All About Zildjian Low Volume Cymbals Title

All About Zildjian Low Volume Cymbals

There’s no denying that cymbals are loud. When practice time rolls around and you need to keep the volume under wraps, low volume cymbals can make a huge difference. You can pair them with some mesh drum heads or use them with an electronic kit to bring the volume right down. Either way, Zildjian low volume cymbals give you a playing solution which feels almost as good as the real thing and they’re a full 80% quieter.

What are Zildjian L80 Low Volume cymbals?

This is a family of cymbals designed for the ultimate low volume playing experience. They’re quieter by 80%, but they feel as authentic as a normal cymbal. The huge sound reduction is achieved using thousands of holes throughout the surface of the cymbal, which lets air pass through the surface, reducing the amount of air being pushed away. The L80 series offers a generous range of cymbals to choose from, allowing you to have a cymbal setup just like with your normal cymbals.

Who are they for?

There are loads of applications for low volume cymbals, here’s just a few:

  • If you’re having a drum lesson, low volume cymbals are great, because you can play while still being able to hear your instructor, and not put your hearing at risk.
  • Save time and money by not having to hire or travel to an expensive rehearsal space. Simply enjoy your kit at home, or at a friend’s place, without bothering the neighbours.
  • Maybe you’ve got a gig that’s in a space so small you can almost reach out and touch the audience members. Low volume cymbals could be perfect in this situation, because the individual cymbals retain their unique sounds without requiring any further equipment.
  • If you’re an electronic kit player, you may be looking for a more realistic cymbal feel to match the realism of mesh drum heads. A set of low volume cymbals could be what you need. You could even add triggers to hook them into your drum module.

 

What are they like to play?

The L80s play pretty much like regular acoustic cymbals. You can swish the hihats, get a different response from playing on the bow, edge, or bell of the cymbal, and you still get a nice metallic sound with a rebound that is close to a traditional cymbal. Compared to other practice and low volume options, such as rubber pads, or cymbal mutes, low volume cymbals offer a lot more in the way of playability and feel.

Check out this video and see why the L80 cymbals are, in Zildjian Artist Jonathan Ulman’s words, “As natural as you can get, without being disruptive to anybody around you”

 

zildjian low volume cymbals

What types of cymbals are in the range?

You can buy L80s individually, from the generous range of single cymbals, or as a set, depending on your needs. The sets represent the best value for your money.

Cymbal sets:

L80 LOW VOLUME CYMBAL SET – 14/16/18″

Includes:

– 14″ HiHats
– 16″ Crash
– 18″ Crash Ride


L80 LOW VOLUME CYMBAL SET – 13/14/18″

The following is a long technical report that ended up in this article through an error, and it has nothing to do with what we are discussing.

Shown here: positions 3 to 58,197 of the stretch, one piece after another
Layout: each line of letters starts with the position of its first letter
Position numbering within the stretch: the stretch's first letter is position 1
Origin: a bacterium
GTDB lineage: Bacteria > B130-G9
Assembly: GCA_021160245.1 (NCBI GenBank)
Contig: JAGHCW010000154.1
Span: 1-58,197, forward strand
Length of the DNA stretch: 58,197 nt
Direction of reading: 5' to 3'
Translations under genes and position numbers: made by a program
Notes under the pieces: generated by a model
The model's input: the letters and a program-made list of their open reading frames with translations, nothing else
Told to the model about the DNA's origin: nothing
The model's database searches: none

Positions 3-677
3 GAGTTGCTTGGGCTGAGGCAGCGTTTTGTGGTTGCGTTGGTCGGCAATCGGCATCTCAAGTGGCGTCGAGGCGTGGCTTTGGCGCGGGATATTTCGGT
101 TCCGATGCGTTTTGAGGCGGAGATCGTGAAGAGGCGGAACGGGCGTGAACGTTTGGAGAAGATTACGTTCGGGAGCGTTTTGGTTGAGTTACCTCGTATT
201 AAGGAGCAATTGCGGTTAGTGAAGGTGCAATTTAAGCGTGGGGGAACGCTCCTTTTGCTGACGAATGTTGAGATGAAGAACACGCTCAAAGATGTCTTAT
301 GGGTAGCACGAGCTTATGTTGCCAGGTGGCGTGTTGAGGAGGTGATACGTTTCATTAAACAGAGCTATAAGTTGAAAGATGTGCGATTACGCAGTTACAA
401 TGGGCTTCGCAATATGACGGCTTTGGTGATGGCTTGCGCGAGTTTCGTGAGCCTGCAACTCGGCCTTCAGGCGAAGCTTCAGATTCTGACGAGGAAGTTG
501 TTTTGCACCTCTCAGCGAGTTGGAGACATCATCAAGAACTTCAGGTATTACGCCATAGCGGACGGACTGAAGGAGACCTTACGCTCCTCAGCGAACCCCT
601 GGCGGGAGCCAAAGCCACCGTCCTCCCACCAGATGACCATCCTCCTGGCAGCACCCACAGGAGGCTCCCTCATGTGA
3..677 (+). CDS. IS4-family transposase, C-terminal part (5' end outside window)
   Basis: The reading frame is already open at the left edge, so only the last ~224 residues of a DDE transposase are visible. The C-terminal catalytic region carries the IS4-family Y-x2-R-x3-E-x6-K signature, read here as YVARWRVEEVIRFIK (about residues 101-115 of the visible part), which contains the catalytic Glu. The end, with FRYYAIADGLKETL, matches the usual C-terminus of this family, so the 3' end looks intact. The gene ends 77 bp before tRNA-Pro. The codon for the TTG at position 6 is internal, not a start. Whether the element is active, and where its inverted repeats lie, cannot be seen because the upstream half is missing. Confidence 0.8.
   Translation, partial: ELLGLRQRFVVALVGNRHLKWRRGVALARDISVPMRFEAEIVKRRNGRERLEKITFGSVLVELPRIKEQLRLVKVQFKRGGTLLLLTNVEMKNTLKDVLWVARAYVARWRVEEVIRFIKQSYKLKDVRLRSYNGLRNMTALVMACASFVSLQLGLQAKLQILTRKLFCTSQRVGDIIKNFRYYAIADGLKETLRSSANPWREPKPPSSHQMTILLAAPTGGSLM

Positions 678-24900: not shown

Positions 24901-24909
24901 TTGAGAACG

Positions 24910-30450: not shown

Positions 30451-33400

Includes:

– 13″ HiHats
– 14″ Crash
– 18″ Crash Ride


L80 LOW VOLUME CYMBAL SET 13/18″

– 13″ HiHats
– 18″ Crash Ride


Individual cymbals:

L80 LOW VOLUME HIHATS 13″


L80 LOW VOLUME HIHATS 14″


L80 LOW VOLUME 10″ SPLASH


L80 LOW VOLUME 16″ CRASH


L80 LOW VOLUME 18″ CHINA


L80 LOW VOLUME 18″ CRASH RIDE


L80 LOW VOLUME 20″ RIDE


Mix and Match

When you’re looking for a low volume setup, cymbals are only half the battle. The L80s have you covered for reducing cymbal volume, but what about the drums themselves? There’s a couple of different options for this:

If you’re already playing an electric kit, happy days – you don’t need to do anything. If your kit is fully acoustic, then the quick and easy solution is drum head mutes. They’ll dampen down your drums by up to 70%, depending on the type, and they’re inexpensive, quick and easy. This is great if you want to quiet down your playing at night time or when it’s just not suitable to be playing at full volume. They work really well with low volume cymbals, because they also swap out quickly.

Another option is mesh drum heads. There are loads to choose from with something to suit all budgets. Mesh heads are a more permanent solution than mutes, or at least not as easy to switch between, because they fit just like a normal drum head. So every time you want to change them out, it’s the same as changing out your entire kit’s drum heads.

But if you don’t need to be changing to a full volume kit very often, the advantages outweigh any hassle. Save time and money – you’ll have a kit perfect for practicing without the need for an expensive soundproof rehearsal room. You can also set up triggers on the drums and cymbals to run through an electronic drum module, and you’ll have your very own electronic kit, but with the feel of your own acoustic kit.

Another use for low volume cymbals is with a practice pad setup. Maybe you’ve got a normal practice pad on a stand, and a bass drum practice pad. This little setup is great on its own, but add some L80’s or other low volume cymbals, and you’ll have a whole new level of realism in your practice.

 

Why stop at low volume cymbals? You can convert your entire acoustic kit using mesh heads for the ultimate quiet playing experience.  Zildjian offers a great value pack to do just this. From there you can even add some drum triggers and jack them into an electronic drum module to create your own, fully customisable electronic kit, but with the feel of an acoustic kit.


Zildjian Quiet Pack


Final thoughts

When you’re a drummer, you need to be considerate to those around you. Bringing the volume down can be a big ask, but low volume cymbals are a big step in the right direction. Pair them with some mesh heads and you’ll have a kit which you can enjoy without disturbing anyone else anywhere near as much as with a full volume kit.

What is your favourite solution for low volume playing? Leave a comment below, I’d love to hear from you.

Leave a comment